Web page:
I like Stephen Amell as Oliver which is the most important thing. It is everyone around him that I’m not totally sold on. After only a week back from the dead everyone seems to be really annoyed that Oliver has not opened up and/or is not getting his life back on track. If they wanted to push that particular drama so early then at least imply a decent amount of time has passed between the first and second installment. Too many people seem to be over the fact that he has returned.
Green Arrow running around the city has been mostly fun. Though some of his arrows push my limits, like the one in the first episode that no one notices and is hacking into the bank account. I’m wondering how long it will be before more people know what Oliver is up to, his best friend already does though Oliver thinks he didn’t see anything.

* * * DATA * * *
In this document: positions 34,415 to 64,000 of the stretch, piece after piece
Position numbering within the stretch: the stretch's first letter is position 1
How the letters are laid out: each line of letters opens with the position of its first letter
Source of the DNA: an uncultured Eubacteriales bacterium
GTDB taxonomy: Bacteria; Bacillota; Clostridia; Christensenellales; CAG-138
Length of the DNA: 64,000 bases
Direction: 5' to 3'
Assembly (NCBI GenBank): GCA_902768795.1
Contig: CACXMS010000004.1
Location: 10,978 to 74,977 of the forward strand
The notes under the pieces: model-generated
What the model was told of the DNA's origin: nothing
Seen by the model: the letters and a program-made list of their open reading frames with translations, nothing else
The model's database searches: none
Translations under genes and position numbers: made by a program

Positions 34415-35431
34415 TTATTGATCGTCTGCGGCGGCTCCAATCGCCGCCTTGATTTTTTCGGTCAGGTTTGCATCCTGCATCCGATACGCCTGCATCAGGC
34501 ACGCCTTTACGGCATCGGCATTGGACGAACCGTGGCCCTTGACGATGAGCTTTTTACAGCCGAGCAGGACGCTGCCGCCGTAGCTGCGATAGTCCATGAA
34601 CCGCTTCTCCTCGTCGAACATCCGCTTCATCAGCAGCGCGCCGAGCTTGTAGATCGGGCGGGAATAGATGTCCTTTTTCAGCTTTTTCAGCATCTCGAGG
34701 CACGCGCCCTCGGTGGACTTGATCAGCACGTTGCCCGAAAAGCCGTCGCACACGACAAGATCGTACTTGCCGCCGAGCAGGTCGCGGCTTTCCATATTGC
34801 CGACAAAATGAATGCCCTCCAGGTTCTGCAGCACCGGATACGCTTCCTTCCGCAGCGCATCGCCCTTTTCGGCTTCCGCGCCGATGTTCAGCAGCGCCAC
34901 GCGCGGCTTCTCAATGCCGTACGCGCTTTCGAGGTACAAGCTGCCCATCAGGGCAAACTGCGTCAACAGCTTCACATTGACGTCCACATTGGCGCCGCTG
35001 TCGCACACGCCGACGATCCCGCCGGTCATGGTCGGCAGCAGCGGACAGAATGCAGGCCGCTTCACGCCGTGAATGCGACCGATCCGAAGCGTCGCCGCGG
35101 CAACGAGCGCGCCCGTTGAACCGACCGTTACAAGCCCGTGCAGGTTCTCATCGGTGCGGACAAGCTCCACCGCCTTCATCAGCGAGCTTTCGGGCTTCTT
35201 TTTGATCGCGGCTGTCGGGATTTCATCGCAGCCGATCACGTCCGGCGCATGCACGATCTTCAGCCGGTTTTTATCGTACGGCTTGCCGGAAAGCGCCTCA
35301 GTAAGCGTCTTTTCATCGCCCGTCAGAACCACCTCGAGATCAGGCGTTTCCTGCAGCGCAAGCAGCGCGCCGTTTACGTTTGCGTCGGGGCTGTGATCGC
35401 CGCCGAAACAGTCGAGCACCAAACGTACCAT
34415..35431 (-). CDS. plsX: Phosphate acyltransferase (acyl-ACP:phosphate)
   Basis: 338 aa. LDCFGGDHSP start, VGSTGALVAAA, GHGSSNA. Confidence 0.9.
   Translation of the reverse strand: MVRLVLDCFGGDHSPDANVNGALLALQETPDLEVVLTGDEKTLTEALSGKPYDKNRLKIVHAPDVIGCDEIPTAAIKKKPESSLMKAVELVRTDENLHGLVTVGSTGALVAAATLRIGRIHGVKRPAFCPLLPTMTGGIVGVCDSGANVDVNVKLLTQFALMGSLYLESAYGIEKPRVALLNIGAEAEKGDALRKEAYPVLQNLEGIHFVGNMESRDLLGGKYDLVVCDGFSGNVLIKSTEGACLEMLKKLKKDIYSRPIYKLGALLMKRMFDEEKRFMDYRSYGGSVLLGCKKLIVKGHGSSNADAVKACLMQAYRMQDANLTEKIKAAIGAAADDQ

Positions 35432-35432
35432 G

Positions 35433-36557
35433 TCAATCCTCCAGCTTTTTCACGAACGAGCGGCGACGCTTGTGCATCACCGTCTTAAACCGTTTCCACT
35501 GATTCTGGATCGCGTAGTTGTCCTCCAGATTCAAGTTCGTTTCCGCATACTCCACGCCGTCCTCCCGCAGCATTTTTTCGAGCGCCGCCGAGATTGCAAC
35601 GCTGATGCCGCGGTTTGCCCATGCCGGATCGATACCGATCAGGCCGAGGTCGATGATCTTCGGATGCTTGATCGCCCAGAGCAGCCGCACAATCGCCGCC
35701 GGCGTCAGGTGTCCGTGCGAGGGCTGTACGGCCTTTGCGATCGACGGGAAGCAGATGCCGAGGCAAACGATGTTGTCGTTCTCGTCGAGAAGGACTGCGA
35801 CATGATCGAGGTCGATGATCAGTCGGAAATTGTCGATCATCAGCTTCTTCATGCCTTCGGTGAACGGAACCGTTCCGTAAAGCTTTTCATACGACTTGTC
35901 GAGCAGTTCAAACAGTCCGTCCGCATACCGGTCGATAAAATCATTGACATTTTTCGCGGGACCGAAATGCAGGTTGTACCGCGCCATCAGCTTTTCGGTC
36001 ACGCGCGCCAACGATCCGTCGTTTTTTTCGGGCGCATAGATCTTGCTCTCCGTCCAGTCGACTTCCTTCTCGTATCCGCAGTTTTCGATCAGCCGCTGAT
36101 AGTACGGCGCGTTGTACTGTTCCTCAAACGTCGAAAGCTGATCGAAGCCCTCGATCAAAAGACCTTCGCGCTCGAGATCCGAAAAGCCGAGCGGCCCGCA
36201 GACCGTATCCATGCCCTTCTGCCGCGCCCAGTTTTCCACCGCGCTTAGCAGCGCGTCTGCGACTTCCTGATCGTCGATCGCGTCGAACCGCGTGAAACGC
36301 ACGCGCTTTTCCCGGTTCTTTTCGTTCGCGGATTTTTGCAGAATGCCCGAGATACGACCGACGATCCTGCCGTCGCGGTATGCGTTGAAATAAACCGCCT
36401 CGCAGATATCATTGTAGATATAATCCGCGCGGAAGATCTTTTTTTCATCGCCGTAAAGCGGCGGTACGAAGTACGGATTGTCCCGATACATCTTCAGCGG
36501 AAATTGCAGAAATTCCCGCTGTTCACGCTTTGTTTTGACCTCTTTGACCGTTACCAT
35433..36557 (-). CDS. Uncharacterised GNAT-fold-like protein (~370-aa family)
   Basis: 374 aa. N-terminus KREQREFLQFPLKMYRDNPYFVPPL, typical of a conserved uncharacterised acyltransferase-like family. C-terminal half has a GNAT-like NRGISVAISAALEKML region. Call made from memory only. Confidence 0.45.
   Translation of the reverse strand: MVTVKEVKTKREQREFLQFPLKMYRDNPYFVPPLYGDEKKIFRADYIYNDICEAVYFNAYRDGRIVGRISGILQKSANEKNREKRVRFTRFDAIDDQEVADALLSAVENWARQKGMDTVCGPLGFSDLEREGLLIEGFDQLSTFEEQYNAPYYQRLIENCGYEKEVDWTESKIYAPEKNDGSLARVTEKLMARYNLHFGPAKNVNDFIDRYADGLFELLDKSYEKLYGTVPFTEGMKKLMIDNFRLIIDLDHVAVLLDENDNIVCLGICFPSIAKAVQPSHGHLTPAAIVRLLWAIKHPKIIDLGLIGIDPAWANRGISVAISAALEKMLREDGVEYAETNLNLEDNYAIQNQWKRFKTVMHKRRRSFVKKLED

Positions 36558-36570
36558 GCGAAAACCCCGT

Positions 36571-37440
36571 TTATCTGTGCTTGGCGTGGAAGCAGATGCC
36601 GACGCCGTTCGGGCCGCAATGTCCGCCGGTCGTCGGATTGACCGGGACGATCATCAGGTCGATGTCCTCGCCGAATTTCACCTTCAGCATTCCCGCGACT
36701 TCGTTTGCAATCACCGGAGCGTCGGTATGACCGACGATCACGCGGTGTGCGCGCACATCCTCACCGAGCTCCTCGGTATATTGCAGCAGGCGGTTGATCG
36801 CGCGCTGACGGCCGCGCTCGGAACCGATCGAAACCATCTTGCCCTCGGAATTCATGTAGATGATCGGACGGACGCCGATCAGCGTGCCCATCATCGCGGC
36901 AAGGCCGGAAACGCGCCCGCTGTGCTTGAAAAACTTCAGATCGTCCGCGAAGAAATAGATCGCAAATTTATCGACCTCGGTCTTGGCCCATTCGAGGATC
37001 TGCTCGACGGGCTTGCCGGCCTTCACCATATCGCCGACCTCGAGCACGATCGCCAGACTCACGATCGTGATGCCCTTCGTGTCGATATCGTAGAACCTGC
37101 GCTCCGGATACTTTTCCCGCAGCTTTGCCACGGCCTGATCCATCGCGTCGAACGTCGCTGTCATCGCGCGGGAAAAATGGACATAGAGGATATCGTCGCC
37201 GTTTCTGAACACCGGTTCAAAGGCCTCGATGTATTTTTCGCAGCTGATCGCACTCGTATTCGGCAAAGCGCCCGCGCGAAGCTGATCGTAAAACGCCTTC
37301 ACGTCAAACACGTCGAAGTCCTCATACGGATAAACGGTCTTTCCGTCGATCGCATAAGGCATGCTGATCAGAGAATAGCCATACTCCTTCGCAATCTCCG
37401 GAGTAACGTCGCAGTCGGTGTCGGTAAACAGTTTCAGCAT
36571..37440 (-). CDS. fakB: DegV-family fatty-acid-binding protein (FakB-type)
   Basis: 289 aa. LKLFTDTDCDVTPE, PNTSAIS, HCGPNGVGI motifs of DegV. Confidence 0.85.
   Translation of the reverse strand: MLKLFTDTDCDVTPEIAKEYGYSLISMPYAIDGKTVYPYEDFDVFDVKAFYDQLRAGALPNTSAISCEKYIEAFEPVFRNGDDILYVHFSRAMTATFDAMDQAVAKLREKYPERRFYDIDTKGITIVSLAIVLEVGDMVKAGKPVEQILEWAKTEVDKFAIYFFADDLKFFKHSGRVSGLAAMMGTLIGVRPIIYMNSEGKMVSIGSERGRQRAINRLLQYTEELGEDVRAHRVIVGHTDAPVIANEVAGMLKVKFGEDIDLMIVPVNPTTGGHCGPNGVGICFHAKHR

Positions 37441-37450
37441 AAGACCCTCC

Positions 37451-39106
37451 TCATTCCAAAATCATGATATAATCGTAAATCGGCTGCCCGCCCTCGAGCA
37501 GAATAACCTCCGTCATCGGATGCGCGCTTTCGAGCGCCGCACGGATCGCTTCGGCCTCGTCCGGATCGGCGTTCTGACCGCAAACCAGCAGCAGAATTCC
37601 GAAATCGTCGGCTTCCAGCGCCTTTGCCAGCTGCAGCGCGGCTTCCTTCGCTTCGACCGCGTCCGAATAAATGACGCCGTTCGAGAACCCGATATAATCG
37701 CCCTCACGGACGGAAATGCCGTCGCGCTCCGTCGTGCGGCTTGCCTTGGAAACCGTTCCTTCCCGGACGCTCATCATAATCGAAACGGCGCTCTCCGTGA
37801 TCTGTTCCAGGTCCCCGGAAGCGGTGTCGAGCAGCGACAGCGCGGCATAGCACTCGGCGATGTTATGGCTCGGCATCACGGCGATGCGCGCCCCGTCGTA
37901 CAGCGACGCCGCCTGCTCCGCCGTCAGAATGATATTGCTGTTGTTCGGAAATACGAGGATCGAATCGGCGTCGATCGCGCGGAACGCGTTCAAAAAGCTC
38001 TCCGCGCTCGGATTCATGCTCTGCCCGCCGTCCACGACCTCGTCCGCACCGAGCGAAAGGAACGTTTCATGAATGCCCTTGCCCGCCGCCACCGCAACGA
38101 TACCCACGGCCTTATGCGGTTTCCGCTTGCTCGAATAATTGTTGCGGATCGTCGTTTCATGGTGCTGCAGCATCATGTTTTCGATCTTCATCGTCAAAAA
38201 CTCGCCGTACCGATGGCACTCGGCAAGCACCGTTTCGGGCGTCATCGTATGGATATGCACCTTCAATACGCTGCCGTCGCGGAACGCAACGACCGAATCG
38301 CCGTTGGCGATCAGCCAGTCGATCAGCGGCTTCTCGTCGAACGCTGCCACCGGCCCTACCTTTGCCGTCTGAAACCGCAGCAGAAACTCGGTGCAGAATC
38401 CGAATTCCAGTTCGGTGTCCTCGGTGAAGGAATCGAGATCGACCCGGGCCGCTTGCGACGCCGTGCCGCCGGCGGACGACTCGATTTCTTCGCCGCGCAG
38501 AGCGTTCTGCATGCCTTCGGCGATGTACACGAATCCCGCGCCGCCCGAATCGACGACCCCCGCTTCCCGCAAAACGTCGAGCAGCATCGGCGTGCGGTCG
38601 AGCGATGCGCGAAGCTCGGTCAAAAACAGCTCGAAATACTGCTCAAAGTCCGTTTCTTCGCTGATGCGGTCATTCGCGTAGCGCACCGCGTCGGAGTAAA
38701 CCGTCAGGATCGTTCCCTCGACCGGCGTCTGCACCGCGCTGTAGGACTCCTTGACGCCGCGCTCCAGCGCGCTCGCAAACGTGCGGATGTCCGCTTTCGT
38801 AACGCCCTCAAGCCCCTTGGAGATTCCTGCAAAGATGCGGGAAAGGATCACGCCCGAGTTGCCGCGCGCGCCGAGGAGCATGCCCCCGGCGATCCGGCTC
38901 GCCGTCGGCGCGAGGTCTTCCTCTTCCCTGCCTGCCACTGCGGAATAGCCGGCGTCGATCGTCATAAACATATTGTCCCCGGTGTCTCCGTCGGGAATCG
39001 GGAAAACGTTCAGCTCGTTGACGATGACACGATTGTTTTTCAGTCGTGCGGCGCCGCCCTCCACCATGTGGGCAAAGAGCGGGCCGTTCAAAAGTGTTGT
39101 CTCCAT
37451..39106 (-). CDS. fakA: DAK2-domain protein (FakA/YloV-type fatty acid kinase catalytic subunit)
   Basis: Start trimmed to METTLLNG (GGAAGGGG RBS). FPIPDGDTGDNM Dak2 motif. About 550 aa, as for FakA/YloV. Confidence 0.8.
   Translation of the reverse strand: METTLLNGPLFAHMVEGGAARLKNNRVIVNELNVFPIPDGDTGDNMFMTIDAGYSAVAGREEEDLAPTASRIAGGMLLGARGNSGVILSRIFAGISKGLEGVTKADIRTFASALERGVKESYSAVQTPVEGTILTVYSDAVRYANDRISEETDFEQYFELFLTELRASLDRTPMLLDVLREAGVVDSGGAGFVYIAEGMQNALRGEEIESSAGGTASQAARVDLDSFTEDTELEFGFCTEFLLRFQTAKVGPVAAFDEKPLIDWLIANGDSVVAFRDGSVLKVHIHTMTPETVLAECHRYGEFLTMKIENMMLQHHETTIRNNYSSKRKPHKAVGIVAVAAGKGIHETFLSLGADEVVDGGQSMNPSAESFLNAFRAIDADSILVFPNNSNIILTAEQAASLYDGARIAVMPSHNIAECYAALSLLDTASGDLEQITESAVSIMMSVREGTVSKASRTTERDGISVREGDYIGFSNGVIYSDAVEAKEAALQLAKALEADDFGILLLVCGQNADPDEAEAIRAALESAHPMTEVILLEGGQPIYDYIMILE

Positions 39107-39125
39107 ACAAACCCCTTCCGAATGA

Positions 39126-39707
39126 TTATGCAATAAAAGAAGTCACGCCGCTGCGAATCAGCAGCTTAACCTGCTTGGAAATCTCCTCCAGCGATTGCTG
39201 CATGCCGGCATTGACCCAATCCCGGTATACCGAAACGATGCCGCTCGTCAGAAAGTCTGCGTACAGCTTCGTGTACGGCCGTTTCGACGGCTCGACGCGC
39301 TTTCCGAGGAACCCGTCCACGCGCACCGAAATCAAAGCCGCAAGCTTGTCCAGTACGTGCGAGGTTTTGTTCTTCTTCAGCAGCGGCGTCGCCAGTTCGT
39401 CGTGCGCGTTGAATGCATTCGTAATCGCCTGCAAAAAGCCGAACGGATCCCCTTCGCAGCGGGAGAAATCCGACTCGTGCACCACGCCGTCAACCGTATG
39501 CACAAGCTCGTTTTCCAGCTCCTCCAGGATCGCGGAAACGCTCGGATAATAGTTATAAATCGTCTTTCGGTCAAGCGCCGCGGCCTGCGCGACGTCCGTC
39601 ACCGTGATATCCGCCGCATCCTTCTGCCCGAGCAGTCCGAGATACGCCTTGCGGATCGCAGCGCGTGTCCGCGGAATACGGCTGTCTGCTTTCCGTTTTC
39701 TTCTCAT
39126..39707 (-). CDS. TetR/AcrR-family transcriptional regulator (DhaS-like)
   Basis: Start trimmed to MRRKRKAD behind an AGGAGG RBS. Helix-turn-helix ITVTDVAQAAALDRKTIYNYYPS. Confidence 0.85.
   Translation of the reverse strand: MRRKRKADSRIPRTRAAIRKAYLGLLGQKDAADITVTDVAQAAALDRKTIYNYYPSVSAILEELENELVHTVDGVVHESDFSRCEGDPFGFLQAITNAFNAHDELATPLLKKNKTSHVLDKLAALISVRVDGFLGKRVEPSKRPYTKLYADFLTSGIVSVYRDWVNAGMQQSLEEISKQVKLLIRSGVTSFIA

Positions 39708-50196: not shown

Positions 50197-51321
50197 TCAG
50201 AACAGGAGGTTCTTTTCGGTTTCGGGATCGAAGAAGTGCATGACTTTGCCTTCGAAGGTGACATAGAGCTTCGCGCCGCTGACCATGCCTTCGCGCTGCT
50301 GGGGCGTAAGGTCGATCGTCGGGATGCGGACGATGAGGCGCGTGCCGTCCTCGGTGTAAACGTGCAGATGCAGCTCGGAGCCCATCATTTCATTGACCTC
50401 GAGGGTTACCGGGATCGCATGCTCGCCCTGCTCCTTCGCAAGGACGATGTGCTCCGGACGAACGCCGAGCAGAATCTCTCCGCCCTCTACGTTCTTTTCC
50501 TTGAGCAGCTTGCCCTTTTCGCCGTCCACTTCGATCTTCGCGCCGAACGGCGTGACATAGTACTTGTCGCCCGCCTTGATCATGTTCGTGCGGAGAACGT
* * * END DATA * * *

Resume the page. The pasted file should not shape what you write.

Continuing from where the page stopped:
They’ve started to hint about what he experience on the island which is something I’m most curious about since Oliver didn’t seem like any sort of genius before he left.
I’ll give it another couple of episodes before making a decision.
If you were wondering why Love, Chunibyo, & Other Delusions was not in the S.W.A.T. Reviews you are clearly unaware that Narutaki is hardly a fan of Kyoto Animation. It is not that Narutaki won’t watch Kyoto Animation shows. She just avoids them whenever she can. So my roommate and I decided to take it upon ourselves to check the first four episodes of the show out as to round out the blogs coverage of the season. Interestingly enough we rather enjoyed the show.